I decided to build a small application that would demonstrate some features of Redis in a fun and engaging way. I quickly hit upon the idea of a prize draw web application that would serve as the basis of a Meetup talk during which we’d actually use the application to give away some prizes.
This article isn’t a complete explainer for how the application works, it’s more of a look at the process and how the data is stored and managed in Redis. So far, I’ve given the Meetup talk a couple of times - here’s a video of me delivering it for Women Who Code San Diego in June 2020, using the Python codebase:
In the video you’ll see me using the free RedisInsight visualization and monitoring tool to inspect what’s in Redis and run commands.
I’ve also delivered this talk using the Node.js codebase for the ATX.js Meetup group based in Austin, TX. I didn’t get a video from that one unfortunately.
This is a demo application that manages a prize draw. It is built for learning purposes. An administrator sets up a new draw by accessing the password protected admin page. There, they can add prizes and set an optional duration for the draw after which no new entries will be accepted.
I wanted to have this application available to demonstrate to different groups, so I built the back end in both Python and Node.js.
Both implementations are contained in the same project repo on GitHub. Each has its own
README.md with details of how to get it up and running.
Both require you to have access to a Redis instance, this can be local or remote. As both codebases use Redis in the same way, you can swap between them without needing to flush data from Redis. If you want to try Redis for free and in the cloud, you can get a 30Mb instance from Redis Labs, that’s plenty big enough to run this application. If you want somewhere in the cloud to deploy and run the application code for free, consider Heroku.
Prize Draw Process Walkthrough
Once a draw has been configured, anyone with a GitHub account can enter it. GitHub accounts are used to ensure unique entry names without collecting email addresses, and because GitHub allows access to basic profile details such as name and profile picture without having to authenticate to an API. Here, a user enters the draw:
Once the draw has closed, the administrator presses the button to randomly pick winners. The administrator can also choose to close the draw at any time, then pick winners.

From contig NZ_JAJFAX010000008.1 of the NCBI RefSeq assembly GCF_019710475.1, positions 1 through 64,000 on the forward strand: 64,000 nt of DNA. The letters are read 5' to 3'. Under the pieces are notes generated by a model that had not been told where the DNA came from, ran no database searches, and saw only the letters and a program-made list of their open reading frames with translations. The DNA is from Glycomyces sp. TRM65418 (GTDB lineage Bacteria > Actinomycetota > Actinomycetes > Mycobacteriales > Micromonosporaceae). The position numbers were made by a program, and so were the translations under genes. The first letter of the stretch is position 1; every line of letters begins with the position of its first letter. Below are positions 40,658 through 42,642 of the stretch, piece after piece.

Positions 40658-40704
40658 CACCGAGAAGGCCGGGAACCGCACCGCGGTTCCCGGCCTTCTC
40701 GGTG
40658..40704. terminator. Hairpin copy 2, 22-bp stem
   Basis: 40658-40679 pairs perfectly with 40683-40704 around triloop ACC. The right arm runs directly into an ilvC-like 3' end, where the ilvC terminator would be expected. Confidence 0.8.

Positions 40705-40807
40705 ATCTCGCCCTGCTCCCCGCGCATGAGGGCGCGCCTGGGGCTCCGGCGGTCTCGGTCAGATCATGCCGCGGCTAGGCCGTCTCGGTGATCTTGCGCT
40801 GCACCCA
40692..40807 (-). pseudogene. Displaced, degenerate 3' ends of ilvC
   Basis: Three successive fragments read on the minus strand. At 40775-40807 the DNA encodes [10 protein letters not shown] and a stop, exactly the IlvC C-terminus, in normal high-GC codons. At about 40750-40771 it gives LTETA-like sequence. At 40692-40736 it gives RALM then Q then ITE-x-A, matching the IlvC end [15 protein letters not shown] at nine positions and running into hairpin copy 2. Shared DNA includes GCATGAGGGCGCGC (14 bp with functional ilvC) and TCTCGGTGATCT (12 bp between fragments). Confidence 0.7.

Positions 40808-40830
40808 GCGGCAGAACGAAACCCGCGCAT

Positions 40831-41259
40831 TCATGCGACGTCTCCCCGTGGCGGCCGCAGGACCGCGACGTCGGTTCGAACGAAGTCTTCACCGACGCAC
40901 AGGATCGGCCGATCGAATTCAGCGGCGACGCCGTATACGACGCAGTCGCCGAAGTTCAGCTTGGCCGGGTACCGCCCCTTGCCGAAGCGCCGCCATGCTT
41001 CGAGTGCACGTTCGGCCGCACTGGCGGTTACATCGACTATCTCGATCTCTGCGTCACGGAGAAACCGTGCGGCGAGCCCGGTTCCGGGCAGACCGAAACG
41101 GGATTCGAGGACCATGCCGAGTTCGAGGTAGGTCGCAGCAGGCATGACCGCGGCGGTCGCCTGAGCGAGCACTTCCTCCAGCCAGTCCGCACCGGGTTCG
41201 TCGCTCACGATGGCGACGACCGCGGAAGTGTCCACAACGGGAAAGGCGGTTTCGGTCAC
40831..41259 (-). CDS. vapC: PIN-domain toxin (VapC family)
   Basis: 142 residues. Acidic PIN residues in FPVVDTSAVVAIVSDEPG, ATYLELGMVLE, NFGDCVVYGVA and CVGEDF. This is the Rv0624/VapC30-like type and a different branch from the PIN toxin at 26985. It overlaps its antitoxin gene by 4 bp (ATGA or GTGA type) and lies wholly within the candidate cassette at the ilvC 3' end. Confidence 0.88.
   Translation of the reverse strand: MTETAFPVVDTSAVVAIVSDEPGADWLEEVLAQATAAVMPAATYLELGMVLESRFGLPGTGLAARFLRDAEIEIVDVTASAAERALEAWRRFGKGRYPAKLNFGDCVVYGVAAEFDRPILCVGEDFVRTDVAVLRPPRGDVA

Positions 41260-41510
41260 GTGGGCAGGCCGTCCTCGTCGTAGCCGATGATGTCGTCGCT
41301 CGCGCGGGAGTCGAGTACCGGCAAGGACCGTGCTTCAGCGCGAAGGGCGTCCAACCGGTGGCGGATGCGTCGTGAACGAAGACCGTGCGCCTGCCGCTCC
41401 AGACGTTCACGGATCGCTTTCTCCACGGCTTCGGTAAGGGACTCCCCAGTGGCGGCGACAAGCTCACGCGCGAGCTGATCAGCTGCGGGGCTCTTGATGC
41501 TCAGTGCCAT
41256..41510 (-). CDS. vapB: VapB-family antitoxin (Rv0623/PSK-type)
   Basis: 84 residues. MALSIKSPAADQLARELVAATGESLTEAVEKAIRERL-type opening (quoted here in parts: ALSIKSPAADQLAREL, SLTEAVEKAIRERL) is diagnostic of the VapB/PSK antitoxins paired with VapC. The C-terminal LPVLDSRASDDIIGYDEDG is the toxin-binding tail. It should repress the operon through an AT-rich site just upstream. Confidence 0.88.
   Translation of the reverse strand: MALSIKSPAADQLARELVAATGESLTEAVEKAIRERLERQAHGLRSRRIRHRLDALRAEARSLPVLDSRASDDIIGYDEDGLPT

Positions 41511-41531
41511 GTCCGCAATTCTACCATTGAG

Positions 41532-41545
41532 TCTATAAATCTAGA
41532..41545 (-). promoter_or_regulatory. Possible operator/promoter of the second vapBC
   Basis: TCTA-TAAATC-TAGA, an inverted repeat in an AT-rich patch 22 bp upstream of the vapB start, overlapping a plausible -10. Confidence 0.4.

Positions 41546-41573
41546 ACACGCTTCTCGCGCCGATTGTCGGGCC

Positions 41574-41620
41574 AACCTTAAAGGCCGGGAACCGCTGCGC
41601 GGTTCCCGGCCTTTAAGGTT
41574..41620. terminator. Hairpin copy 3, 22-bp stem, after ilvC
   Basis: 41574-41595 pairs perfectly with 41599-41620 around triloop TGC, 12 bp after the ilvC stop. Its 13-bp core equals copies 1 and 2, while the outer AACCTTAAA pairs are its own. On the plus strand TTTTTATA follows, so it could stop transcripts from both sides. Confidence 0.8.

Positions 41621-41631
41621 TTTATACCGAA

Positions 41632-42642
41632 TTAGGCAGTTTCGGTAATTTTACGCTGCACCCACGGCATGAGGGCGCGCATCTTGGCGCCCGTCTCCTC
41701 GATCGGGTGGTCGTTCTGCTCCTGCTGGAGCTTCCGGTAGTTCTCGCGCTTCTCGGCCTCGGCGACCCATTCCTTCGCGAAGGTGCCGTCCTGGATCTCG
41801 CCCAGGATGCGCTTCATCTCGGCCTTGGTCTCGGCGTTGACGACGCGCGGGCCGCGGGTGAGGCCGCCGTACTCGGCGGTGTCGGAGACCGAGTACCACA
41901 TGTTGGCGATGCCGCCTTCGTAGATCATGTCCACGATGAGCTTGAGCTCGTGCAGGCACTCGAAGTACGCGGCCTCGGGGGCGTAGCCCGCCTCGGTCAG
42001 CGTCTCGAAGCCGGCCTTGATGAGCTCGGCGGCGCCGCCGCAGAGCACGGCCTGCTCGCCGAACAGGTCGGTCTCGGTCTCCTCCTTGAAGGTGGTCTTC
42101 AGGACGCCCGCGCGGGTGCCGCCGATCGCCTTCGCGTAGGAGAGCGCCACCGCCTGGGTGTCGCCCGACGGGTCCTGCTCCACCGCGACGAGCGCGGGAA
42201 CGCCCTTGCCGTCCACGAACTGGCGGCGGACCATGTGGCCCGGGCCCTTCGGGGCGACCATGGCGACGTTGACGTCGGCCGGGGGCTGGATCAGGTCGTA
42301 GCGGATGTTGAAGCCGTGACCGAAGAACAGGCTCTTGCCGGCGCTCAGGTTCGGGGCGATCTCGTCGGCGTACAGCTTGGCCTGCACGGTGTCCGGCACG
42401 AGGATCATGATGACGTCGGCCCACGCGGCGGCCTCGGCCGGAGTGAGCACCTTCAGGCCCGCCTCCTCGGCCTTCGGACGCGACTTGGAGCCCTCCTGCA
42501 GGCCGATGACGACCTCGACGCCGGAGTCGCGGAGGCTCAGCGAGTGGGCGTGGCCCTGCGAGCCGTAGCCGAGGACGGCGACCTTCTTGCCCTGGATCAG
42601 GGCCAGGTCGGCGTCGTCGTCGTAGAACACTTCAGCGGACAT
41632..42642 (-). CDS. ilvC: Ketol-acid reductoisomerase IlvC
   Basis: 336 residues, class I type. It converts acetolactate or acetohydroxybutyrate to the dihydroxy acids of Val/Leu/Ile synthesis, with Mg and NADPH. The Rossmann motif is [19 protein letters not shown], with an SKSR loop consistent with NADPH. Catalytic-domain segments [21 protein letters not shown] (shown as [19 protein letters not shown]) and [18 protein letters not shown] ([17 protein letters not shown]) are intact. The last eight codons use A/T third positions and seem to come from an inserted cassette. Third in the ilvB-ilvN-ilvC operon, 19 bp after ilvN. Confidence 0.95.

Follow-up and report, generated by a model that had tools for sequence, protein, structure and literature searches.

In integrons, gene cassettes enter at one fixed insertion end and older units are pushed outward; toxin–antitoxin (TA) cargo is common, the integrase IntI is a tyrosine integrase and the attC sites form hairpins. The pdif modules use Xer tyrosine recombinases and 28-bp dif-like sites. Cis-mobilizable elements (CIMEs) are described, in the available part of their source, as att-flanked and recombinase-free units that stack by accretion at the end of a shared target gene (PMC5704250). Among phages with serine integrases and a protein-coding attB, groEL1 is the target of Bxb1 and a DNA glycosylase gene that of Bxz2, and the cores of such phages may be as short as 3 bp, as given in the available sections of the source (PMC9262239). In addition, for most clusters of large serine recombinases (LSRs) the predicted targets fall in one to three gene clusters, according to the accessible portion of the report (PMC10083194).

Once winners have been picked, they are displayed on the home page:
Redis Data Model
This codebase is designed to show how you could use Redis as a datastore for an application, rather than just as a cache. Let’s look at how data is stored and referenced at each step in the prize draw lifecycle.
The application uses
prizedraw as the namespace for all of its keys, with
: used as a separator inside key names. The application will only change or delete keys that begin with
prizedraw:. Other data can live in the same Redis instance alongside data for this application, so long as other applications don’t change or delete the
There’s no setup script required to “build” the database, the application creates the keys it needs in Redis when it first needs them.
Starting a New Prize Draw
Initially, we start out with no keys in the database for this application. When the start draw form in the admin page is submitted, it first deletes keys relating to any prior draw:
(GitHub profile keys aren’t deleted as they will all expire over time, and users who entered the last draw may come back and enter the new one, so keeping their profile information cached for a while makes sense).
Then it creates the following keys:
prizedraw:is_open, a Redis string value set to
true. This is used to indicate that a prize draw is currently running. If a time limit was set on the draw, this key will have a TTL set and the draw closes when it expires. If no time limit was set, the draw closes when this key is deleted by closing the draw manually from the admin page.
prizedraw:prizes, a Redis set containing each of the prizes as strings. Note that because a set is used here, prizes have to have unique names as no duplicate members are allowed in a set.